The renovation projects will take place in Borjomi, Bakuriani, Kutaisi, Tskaltubo, Telavi, Zugdidi, Batumi, Mtskheta, Stepantsminda, Mestia, and Kazbegi, and include: the central park and historical center of the central-western city of Borjomi; the central park and new recreational area at Tsivi Lake in the western spa resort of Tskaltubo; the main boulevard in the western city of Zugdidi; the botanical garden and Lado Meskhishvili Theatre in the western city of Kutaisi; Batoni Castle and its surrounding area as well as Vazha-Pshavela Drama Theatre in the eastern city of Telavi; the old town on the Black Sea coastal city of Batumi; and various historical areas within the Kazbegi, Bakuriani, and Mestia municipalities.
This new program follows a similar urban development initiative launched two years ago, which included 63 municipalities in Georgia and upgraded city centers around the country. The total cost of the previous program was ₾500 million ($191 million).
Asian Development Bank invests $7.6 million in EVs, charging network
The Asian Development Bank (ADB) on July 5 announced it would allocate ₾20 million ($7.6 million) towards the deployment of zero-emission light, road, and non-road electric vehicles, and expansion of charging networks in Georgia with 70 new stations. The money will be invested in inaugural two-year and six-month lari-denominated green bonds of Tegeta Motors, one of Georgia’s leading automotive companies, the ADB said.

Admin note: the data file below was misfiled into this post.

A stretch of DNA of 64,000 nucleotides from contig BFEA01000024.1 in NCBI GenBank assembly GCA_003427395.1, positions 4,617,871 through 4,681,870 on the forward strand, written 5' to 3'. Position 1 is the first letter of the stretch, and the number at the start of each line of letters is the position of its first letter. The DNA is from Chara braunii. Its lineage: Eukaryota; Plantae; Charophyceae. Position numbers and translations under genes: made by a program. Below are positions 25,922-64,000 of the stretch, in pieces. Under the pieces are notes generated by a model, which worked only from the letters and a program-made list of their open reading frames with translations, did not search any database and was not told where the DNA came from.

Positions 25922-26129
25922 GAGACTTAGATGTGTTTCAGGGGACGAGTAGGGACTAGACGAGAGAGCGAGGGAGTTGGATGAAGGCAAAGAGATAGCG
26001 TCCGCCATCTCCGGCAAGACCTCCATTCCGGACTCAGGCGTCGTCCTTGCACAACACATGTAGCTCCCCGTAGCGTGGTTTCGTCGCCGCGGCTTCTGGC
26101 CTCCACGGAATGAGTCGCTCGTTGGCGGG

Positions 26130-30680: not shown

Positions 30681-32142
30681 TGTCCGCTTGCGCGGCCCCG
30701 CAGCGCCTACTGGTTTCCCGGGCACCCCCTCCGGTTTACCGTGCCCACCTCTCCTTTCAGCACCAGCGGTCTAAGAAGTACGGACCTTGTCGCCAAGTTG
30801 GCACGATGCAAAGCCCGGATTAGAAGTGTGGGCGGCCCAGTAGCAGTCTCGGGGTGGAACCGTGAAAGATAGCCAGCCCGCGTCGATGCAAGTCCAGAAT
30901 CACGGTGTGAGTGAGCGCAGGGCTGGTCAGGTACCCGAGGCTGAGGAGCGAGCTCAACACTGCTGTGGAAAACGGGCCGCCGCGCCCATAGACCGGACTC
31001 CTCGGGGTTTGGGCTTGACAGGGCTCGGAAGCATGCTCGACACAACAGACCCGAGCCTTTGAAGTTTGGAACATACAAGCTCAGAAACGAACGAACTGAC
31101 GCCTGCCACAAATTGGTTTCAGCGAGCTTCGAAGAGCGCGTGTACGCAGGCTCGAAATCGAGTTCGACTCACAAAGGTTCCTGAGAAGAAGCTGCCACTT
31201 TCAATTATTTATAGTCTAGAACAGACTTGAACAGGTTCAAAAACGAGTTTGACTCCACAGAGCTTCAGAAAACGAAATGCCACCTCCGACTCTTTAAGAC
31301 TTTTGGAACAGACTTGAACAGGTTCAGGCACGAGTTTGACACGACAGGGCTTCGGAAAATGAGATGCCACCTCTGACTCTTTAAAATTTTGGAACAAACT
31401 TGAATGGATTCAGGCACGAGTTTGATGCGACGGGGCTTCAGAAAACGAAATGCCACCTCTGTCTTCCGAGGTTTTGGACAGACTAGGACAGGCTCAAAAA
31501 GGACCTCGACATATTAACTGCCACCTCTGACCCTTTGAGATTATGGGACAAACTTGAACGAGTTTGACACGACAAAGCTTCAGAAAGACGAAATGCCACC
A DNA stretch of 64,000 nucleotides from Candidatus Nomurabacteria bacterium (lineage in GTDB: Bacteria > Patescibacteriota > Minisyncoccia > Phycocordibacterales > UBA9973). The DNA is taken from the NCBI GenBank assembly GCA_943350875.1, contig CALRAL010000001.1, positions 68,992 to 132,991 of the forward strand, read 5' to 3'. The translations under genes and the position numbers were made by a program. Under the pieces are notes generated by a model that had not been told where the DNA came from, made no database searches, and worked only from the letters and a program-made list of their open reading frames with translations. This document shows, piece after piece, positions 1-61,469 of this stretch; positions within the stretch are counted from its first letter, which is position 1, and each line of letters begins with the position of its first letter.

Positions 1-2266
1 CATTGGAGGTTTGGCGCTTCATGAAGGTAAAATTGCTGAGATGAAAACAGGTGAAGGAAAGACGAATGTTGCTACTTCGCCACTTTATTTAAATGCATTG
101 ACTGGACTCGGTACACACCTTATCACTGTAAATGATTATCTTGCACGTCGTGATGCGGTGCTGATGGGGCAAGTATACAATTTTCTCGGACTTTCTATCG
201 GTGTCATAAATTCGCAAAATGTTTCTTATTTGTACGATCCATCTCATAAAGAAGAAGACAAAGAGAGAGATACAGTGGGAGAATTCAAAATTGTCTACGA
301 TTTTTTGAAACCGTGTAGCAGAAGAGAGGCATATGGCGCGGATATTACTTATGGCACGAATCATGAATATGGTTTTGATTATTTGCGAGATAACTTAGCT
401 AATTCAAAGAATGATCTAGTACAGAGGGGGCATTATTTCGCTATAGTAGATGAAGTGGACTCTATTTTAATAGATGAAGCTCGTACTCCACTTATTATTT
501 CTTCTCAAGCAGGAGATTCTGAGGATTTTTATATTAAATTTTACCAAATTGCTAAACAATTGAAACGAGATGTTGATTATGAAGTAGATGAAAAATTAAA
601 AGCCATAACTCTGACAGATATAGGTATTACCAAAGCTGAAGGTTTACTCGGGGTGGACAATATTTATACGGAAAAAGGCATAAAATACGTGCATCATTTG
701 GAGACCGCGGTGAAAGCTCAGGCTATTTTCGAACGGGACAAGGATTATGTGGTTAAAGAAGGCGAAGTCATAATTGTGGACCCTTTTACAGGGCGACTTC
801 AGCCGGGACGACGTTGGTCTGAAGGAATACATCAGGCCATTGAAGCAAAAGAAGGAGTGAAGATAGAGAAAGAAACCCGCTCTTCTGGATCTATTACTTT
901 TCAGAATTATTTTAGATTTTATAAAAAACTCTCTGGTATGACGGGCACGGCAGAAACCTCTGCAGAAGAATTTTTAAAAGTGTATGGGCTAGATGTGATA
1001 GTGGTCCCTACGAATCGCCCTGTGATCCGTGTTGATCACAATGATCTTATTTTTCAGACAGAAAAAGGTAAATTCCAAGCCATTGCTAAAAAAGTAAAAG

“The ADB is Asia and the Pacific’s climate bank, and this investment builds on our commitment to developing Georgia’s capital markets through our climate and gender bond issuance,” ADB Director General for Private Sector Operations Suzanne Gaboury said. Tegeta Executive Director Vakhtang Kacharava said the company was “dedicated to pioneering” the issuance of green bonds in Georgia to support domestic efforts to reduce greenhouse gas emissions.